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Timeless Travels Magazine - - JORDAN -

The most com­mon tree in Jor­dan is the olive - pro­duc­ing some of the best olives in the world.

Jor­dan’s na­tional flower is the Black Iris, a deep pur­ple bloom which grows in pro­fu­sion in the re­gion of Wadi Rum in the spring. Among the many other flow­ers of Jor­dan are red anemones, an­chusa, cy­cla­men, hol­ly­hocks, tulips, and as­pho­del which, ac­cord­ing to the scholar G. Lankester Hard­ing, “trans­form the coun­try for a few weeks into a vast nat­u­ral gar­den which has to be seen to be be­lieved.” Many ho­tels, night­clubs, and fes­ti­vals in the coun­try are named for the Black Iris.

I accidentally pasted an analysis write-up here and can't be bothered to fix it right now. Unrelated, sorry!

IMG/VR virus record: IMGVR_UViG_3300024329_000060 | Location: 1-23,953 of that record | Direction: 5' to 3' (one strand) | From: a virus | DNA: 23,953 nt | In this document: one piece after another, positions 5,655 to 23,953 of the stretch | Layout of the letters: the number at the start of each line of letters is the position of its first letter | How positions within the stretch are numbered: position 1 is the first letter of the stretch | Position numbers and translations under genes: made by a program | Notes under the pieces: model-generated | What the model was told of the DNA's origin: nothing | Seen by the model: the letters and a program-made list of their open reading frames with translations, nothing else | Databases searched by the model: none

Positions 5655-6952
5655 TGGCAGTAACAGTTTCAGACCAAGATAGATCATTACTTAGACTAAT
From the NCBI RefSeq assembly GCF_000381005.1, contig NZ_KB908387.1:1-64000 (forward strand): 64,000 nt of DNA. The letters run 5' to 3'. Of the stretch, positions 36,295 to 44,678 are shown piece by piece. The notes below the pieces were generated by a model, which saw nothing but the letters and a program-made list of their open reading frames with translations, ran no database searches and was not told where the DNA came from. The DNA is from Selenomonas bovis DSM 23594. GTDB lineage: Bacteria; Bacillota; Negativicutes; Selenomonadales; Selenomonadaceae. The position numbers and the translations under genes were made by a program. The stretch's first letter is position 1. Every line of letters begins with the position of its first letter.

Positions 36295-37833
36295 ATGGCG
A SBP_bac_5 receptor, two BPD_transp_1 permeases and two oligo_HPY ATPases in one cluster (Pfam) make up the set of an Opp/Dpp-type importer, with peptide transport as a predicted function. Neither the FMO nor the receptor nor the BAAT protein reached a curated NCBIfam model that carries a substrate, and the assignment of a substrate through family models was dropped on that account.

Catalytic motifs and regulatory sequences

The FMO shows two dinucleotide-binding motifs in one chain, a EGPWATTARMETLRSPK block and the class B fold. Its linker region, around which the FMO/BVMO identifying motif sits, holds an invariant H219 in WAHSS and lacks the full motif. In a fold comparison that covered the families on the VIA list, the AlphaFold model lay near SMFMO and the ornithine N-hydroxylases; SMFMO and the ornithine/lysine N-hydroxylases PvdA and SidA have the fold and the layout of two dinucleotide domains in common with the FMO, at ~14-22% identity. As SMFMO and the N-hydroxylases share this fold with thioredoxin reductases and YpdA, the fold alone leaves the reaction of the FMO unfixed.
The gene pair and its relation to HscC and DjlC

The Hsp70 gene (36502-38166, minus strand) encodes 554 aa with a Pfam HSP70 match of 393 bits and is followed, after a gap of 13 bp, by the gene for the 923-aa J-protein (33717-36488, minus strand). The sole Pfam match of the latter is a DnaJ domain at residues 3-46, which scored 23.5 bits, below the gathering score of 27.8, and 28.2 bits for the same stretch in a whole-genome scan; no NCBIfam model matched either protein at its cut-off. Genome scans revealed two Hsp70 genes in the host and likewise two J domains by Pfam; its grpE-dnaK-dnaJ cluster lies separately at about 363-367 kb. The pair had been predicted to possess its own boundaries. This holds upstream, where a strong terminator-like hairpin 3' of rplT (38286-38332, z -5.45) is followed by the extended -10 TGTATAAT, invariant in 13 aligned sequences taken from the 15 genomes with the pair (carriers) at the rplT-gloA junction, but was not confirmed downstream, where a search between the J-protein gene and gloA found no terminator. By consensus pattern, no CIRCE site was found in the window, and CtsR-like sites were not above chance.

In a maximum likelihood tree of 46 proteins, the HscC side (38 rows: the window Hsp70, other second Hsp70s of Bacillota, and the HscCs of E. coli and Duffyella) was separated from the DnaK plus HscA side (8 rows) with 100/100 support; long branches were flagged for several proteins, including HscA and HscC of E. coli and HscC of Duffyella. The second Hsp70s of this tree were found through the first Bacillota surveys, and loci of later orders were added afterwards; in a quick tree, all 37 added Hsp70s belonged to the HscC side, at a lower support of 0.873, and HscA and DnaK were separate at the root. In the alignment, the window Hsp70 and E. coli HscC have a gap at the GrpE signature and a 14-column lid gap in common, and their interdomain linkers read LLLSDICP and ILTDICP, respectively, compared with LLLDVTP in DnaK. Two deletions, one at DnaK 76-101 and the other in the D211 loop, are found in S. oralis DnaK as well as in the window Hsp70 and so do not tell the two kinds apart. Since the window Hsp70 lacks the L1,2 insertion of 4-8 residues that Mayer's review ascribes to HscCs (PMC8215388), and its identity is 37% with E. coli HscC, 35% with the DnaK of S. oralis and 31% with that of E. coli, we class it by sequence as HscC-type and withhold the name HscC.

The black, white, and green bands of Jor­dan’s flag are the Pan-Arab colours and rep­re­sent the Ab­bassid, Um­mayyad, and Fa­timid Caliphates, while the red chevron stands for the Arab Re­volt of 1916 and the Hashemites who led it. The seven pointed white star in the cen­tre of the chevron rep­re­sents Arab unity and the first seven verses of the Qu­ran.

The Wadi Rum is the most pop­u­lar tourist at­trac­tion af­ter Pe­tra. An­cient Na­batean rock draw­ings are rou­tinely found through­out Wadi Rum and it is the only area where the Black Iris grows in pro­fu­sion. Many film pro­duc­tions have made use of the area for its other-worldly ap­pear­ance, most re­cently the 2015 film The Mar­tian in which Wadi Rum serves as the sur­face of Mars. The 1962 film Lawrence of Ara­bia was filmed largely in Wadi Rum.

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